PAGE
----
Safa and Marwa (Arabic: ٱلصَّفَا وَٱلْمَرْوَة, romanizedAṣ-Ṣafā wal-Marwah) are two small hills, connected to the larger Abu Qubais and Qaiqan mountains, respectively,[1] in Mecca, Saudi Arabia, now made part of the Masjid al-Haram. Muslims travel back and forth between them seven times in what is known as saʿī (Arabic: سَعِي, lit.'seeking/searching or walking')[2] ritual pilgrimages of Ḥajj and Umrah.

Safa and Marwa
Left: A sign guides pilgrims toward Safa
Right: Path of movement between Safa and Marwa, illustrated alongside the Tawaf or circumambulation of the Ka'bah
Highest point
Parent peakSafa: Abu Qubais
Marwa: Qaiqan
Listing
Coordinates21°25′25″N 39°49′38″E / 21.42361°N 39.82722°E / 21.42361; 39.82722
Naming
Native nameٱلصَّفَا وَٱلْمَرْوَة (Arabic)
Geography
Safa and Marwa is located in Saudi Arabia
Safa and Marwa
Safa and Marwa
Location in Saudi Arabia
Safa and Marwa is located in Asia
Safa and Marwa
Safa and Marwa
Safa and Marwa (Asia)
CountrySaudi Arabia
RegionHejaz
ProvinceMecca
CityMecca
Parent rangeHijaz Mountains

Muslims run between the two mountains, which they believe was made a ritual as a tribute to Hajar's search of water for her child dying of thirst until she found a water source in the Zamzam Well. The space between the two mountains in which the pilgrims run is called al-Mas'aa.[1][3]

Geography edit

Safa is a small mountain located at the bottom of the Abu Qubais Mountain, about 130 m (430 ft) southeast of the Ka'bah, which is the beginning of the Sa'ee. As for Marwa, it is also a small mountain of white stone, located 300 m (980 ft) to the northeast of the Ka'bah and it is connected to Qaiqan Mountain, marking the end of the Sa'ee. Safa, Marwah and the Masa'a (space between the two mountains) were located outside the Masjid al-Haram and were separate until the year 1955/56 (1375 AH), when the project to annex the two sites into the Masjid al-Haram was undertaken for the first time, and they were subsequently annexed.[1] The distance between Safa and Marwa is approximately 450 m (1,480 ft), therefore, seven trips back and forth amount to roughly 3.6 km (2.2 mi).

History edit

Geological perspective edit

The individual geological history of the two mountains is relatively unknown. Marwa has been described as smoother and lighter in color than Safa, with some even calling it white, such as Majd ad-Din Ferozabadi, az-Zubaidi, al-Fayoumi. al-Alusi further went on to say that Safa's color was comparable to a tint of red. Safa and Marwa are a part of the Hejaz mountain range, which run parallel to most of the Saudi coast on the Red Sea. The Hejaz themselves are part of the larger Sarawat range, which is characterized by young and jagged mountains.[4]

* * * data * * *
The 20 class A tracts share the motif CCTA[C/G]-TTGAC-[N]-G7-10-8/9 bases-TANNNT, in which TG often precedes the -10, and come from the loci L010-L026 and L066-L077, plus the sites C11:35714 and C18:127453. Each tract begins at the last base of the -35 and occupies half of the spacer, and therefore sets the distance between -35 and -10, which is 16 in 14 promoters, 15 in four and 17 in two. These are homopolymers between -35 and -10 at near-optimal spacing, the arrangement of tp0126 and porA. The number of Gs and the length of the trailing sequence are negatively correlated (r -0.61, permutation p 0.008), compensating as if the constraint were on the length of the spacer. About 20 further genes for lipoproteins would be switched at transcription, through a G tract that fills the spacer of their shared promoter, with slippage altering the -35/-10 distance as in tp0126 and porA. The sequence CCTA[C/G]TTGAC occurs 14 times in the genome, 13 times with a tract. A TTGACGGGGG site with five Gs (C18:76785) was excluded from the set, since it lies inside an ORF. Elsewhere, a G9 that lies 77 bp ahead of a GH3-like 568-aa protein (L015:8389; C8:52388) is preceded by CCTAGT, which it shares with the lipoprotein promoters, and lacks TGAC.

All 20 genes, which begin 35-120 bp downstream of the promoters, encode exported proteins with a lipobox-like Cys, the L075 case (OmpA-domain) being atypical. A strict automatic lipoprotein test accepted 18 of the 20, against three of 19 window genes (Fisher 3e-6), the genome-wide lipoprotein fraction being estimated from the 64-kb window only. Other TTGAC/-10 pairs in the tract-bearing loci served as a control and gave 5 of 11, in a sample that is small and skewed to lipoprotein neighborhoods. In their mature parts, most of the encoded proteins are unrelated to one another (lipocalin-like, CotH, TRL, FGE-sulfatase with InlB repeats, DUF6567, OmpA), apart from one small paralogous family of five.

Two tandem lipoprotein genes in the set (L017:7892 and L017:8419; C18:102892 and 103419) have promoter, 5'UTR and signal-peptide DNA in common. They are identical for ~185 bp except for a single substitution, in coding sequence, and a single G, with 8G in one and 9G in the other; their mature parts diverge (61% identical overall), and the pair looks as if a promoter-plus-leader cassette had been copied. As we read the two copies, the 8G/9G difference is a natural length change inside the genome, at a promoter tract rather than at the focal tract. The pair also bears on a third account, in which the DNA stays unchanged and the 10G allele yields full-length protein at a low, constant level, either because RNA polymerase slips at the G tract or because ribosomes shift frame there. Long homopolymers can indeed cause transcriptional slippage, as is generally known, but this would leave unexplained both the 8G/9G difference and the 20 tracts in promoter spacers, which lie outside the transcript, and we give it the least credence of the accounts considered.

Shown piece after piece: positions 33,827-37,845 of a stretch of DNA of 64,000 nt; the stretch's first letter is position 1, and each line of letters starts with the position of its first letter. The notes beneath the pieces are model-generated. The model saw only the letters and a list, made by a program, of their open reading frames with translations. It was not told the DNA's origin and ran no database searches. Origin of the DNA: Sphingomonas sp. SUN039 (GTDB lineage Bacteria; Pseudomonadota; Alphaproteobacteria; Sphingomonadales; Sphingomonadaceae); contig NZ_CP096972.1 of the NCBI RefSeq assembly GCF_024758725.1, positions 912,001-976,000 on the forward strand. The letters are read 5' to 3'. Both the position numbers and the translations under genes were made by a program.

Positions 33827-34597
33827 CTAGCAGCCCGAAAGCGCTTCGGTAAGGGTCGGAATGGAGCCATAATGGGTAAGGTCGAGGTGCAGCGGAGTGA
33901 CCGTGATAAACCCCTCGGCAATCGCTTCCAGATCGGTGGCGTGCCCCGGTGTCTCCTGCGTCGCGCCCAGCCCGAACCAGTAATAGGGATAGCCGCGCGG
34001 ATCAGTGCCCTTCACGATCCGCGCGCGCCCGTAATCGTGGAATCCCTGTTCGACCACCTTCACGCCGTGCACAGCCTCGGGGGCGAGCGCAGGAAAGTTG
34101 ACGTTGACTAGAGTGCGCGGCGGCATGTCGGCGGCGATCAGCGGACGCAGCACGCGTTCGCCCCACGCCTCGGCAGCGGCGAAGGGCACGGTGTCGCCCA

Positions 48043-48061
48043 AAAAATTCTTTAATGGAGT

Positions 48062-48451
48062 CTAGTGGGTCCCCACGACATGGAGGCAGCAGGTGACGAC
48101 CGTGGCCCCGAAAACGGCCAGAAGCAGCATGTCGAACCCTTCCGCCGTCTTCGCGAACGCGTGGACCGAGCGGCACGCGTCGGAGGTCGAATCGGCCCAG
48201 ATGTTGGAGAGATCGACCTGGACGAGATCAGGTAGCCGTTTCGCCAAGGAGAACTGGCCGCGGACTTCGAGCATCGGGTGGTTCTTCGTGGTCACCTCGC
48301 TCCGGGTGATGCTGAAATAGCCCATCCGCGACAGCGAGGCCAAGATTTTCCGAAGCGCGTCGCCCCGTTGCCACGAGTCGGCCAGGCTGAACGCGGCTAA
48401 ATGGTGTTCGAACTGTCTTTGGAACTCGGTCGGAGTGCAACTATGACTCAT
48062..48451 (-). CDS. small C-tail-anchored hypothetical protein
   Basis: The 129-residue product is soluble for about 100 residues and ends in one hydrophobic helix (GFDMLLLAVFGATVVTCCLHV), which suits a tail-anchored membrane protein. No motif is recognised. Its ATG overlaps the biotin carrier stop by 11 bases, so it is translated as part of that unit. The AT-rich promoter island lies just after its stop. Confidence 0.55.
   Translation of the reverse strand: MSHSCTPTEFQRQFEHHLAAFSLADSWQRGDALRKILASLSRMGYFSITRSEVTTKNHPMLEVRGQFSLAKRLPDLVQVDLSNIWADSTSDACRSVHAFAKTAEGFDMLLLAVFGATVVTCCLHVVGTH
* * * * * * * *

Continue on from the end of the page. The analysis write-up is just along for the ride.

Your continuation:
Islamic narrative edit

In Islamic tradition, the civilization of Mecca started after Ibrāhīm (Abraham) left his son Ismāʿīl (Ishmael) and wife Hājar (Hagar) in the valley,[5][6] which Muslims believe was a command by God. When their provisions were exhausted, Hajar eventually ran out of food and water and could no longer breastfeed Ismail.[3] She thus ran back and forth seven times between Safa and Marwa hoping to find water.[3] To make her search easier and faster, she went alone, leaving the infant on the ground. She first climbed the nearest hill, Safa, to look over the surrounding area. When she saw nothing, she then went to the other hill, Marwah, to look around. While Hagar was on either hillside, she was able to see Ishmael and know he was safe. However, when she was in the valley between the hills she was unable to see her son, and would thus run whilst in the valley and walk at a normal pace when on the hillsides. Hagar traveled back and forth between the hills seven times in the scorching heat before returning to her son. Allah then sent Angel Jibril (Gabriel) to their aid and a spring of water appeared from the ground. The well was named Zamzam and the journey back and forth Safa and Marwa was made a ritual during Hajj and Umrah.[3] The two mountains are mentioned by name in the Quran 2:158.

Before Muhammad edit